Also read: What is an apology? Prashant Bhushan’s contempt case reveals true meaning of the word

What the affidavits said

Here is a sample of the rather damning questions posed by the affidavits — with reams of documentary evidence to support these claims — concerning eight of the previous 18 Chief Justices of India in the year 2009. Since we are interested not in the individuals (many of who are no more) but in the institution, I present the main points without the names of the Justices concerned.

CJI 1: Was his accepting post-retirement political office from a party not linked to his whitewashing the role of the ruling party’s leaders in a crucial inquiry commission report that he headed?

CJI 2: Did he not use his short tenure as CJI to transfer to himself and pass a series of extraordinary orders all favouring a certain export house and its sister concern? If not, why was the Court forced to review and reverse these orders in open court once he ceased to be the CJI?

CJI 3: Did he not, while being the CJI, purchase a plot and build a palatial house in an area where all construction was banned by orders of the Supreme Court? Were these orders not diluted during his tenure? Did he not become the lifetime chairman of a trust, which he had instituted, and awarded money to, when he was the CJI?

CJI 4: Did his two daughters not receive a house plot each from the discretionary quota of a chief minister on the same day that he dismissed a serious case against that very CM? Did he not, as a judge of the Supreme Court, attempt to hear cases that involved clear conflict of interest?

CJI 5: Did he not, as the chief justice of a high court, pass orders favouring a litigant after receiving a plot of land from that very person? Did he not, as chief justice of the high court, file a false affidavit to secure an underpriced plot of land from the government?

CJI 6: Did his orders for sealing commercial property in a metro not benefit his sons who, working from the CJI’s official residence, entered into profitable deals with shopping malls and commercial complexes? Were his sons not allotted huge commercial plots by a state government?

CJI 7: How come his daughters, son-in-law, brother, and one of his aids acquire vast real estate property, enumerated in an expose, disproportionate to their known sources of income after he became Judge and CJI?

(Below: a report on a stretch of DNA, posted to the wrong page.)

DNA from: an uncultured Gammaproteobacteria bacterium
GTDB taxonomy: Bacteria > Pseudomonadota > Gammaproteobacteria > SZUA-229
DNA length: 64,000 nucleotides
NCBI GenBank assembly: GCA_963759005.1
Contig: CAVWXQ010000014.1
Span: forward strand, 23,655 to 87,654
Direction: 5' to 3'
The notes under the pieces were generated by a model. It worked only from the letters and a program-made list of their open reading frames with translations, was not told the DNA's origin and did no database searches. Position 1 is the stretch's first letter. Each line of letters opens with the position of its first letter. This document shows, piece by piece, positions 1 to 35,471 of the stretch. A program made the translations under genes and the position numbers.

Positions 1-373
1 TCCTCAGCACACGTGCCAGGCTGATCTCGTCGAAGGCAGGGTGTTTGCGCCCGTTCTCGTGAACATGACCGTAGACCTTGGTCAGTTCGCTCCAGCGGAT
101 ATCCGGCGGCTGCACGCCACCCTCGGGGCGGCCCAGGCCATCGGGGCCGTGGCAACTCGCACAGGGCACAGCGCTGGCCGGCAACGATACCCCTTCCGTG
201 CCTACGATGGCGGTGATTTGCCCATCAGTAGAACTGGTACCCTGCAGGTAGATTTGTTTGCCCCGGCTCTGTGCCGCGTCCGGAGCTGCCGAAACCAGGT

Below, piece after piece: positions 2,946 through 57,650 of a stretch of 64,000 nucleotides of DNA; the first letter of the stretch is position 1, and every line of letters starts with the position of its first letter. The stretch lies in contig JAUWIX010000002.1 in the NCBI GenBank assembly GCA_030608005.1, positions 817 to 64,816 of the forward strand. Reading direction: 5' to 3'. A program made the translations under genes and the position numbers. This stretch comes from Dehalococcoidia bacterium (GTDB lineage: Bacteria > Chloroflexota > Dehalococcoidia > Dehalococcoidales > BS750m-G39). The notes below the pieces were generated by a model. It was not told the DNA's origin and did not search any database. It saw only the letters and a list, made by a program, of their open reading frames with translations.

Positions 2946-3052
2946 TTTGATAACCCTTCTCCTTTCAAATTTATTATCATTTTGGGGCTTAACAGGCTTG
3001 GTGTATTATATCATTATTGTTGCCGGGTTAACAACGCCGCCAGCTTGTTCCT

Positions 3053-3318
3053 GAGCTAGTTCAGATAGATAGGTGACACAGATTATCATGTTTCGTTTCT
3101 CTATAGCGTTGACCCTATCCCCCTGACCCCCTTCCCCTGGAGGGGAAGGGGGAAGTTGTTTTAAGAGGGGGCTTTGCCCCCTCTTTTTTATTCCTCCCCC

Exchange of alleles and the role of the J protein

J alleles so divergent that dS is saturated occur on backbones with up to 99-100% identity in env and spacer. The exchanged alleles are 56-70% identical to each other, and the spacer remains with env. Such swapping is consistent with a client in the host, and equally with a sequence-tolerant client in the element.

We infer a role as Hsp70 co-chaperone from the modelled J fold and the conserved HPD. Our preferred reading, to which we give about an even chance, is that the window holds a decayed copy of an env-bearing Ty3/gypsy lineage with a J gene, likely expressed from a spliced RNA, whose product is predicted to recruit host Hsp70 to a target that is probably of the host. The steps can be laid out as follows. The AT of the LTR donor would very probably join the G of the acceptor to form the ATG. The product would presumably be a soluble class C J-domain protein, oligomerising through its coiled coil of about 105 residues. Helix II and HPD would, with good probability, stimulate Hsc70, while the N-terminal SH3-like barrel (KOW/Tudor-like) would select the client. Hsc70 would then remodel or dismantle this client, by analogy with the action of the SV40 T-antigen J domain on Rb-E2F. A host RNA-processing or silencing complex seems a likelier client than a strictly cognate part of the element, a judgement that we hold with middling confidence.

CJI 8: Did he not pass orders granting a lucrative lease to a certain company despite the damning report against the project by the Environment Expert Committee appointed by the court itself? Why did he not reveal, at the beginning of the hearing, that he himself owned shares in this company?

I am not suggesting that these allegations were the final truth of the matter. Let us assume that these allegations were untrue, perhaps even motivated. Even then, when such grave allegations are made in the public domain and reiterated in a sworn affidavit to the highest court, backed by dozens of appendices with legal records, should we not expect the court to set up an impartial inquiry to set any misgiving at rest? Let us also assume that even if these allegations of misconduct were true, the judicial conduct of the concerned judges was not influenced by any of these externalities. Even then, would it not help to look into these cases to come up with guidelines on conflict of interest and financial disclosures? And just in case there was any element of truth in these allegations, would a full and fair hearing not have helped the process of judicial accountability and reform?

Finally, Prashant Bhushan had raised a bigger constitutional question, filed in a separate affidavit in 2020, not connected to any one of these judges: If a true statement scandalises the judiciary, is it a contempt of court? Does a bonafide opinion, proven true or not, amount to contempt of court?

In suddenly dropping the case that the court kept alive for well over a decade, the Supreme Court has buried these difficult questions. I am a friend of Prashant Bhushan, but I am disappointed that the court did not try him for contempt of court.

Yogendra Yadav is among the founders of Jai Kisan Andolan and Swaraj India. Views are personal.

(Edited by Humra Laeeq)